25 August 2017 Handheld highly selective plasmonic chem/biosensor using engineered binding proteins for extreme conformational changes
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Abstract
In this project we develop a handheld, portable, highly selective and sensitive chem/biosensor that has potential applications in both airborne and water-based environmental sensing. The device relies on a plasmonic chip of subwavelength-scale periodic gold rods engineered to resonate in the near infrared. The chip is functionalized with a novel class of proteins that exhibit large conformational changes upon binding to a specific target analyte. The subsequent change in local refractive index near the surface of the gold is one to two orders of magnitude greater than current conventional methods, which produces a readily measurable 5 to 10 percent difference in light transmission. This allows us to forgo traditional, bulky tabletop setups in favor of a compact form factor. Using commercially available optics to construct a transmission-based optical train, measured changes in bulk refractive index are presented here. While synthesis of binding protein efforts are focused on heme as analyte for proof of concept validation, the functionalized protein can be engineered to pair with a wide variety of analytes with minimal alterations to the plasmonic chip or device design. Such flexibility allows for this device to potentially meet the needs of first responders and health care professionals in a multitude of scenarios.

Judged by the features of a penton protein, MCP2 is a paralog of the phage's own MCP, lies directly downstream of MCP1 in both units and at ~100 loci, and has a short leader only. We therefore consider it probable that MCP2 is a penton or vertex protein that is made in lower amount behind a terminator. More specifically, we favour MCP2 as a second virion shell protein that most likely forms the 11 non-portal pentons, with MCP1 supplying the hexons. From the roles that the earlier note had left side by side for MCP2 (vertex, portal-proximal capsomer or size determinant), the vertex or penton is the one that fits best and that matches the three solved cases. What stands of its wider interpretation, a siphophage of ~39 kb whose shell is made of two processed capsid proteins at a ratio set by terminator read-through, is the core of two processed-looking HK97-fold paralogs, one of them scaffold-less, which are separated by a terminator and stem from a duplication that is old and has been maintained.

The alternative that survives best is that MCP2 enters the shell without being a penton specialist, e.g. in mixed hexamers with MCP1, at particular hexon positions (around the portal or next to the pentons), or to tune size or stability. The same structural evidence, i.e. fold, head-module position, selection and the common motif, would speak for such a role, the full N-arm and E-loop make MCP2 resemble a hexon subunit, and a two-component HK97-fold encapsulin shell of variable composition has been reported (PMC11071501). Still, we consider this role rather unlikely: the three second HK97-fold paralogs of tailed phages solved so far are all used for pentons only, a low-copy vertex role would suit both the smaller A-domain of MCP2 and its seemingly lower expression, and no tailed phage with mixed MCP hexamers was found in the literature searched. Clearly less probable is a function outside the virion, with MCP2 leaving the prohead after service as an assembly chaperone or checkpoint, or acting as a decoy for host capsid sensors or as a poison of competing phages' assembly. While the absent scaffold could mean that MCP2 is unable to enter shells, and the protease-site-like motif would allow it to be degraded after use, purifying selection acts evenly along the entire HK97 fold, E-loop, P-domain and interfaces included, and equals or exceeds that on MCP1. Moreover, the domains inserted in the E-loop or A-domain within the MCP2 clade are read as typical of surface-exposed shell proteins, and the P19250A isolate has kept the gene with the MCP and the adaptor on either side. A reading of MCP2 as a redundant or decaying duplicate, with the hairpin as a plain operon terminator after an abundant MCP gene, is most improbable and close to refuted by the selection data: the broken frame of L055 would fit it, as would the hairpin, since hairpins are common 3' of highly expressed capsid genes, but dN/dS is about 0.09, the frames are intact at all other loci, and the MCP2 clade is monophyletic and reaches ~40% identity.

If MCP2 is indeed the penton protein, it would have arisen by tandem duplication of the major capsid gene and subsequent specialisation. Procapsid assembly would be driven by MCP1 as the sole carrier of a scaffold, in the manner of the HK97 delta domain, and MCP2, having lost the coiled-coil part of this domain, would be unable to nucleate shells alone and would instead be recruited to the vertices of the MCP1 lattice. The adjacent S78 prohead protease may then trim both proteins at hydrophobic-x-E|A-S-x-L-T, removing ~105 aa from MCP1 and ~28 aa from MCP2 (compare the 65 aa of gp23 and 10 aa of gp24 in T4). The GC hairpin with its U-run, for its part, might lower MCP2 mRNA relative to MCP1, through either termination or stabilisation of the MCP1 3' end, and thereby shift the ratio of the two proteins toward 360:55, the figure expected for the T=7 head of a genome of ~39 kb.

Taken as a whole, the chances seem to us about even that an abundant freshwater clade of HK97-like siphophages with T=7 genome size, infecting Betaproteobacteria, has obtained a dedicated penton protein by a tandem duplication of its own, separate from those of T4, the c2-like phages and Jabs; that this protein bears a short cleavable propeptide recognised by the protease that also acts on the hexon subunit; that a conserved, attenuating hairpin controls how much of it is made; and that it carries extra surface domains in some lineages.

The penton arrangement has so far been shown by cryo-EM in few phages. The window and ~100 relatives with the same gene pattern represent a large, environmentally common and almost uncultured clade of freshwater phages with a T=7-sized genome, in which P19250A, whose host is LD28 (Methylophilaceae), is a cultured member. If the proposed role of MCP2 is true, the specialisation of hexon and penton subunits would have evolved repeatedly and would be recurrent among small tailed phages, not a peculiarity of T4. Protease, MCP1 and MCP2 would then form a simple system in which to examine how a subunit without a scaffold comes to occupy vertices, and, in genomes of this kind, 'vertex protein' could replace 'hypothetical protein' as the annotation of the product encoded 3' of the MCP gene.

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Derek J. Kosciolek, Derek J. Kosciolek, Ajay Sonar, Ajay Sonar, Lori A. Lepak, Lori A. Lepak, Peter Schnatz, Peter Schnatz, Igor Bendoym, Igor Bendoym, Mia C. Brown, Mia C. Brown, Ronald L. Koder, Ronald L. Koder, David T. Crouse, David T. Crouse, } "Handheld highly selective plasmonic chem/biosensor using engineered binding proteins for extreme conformational changes", Proc. SPIE 10346, Plasmonics: Design, Materials, Fabrication, Characterization, and Applications XV, 103462B (25 August 2017); doi: 10.1117/12.2273207; https://doi.org/10.1117/12.2273207
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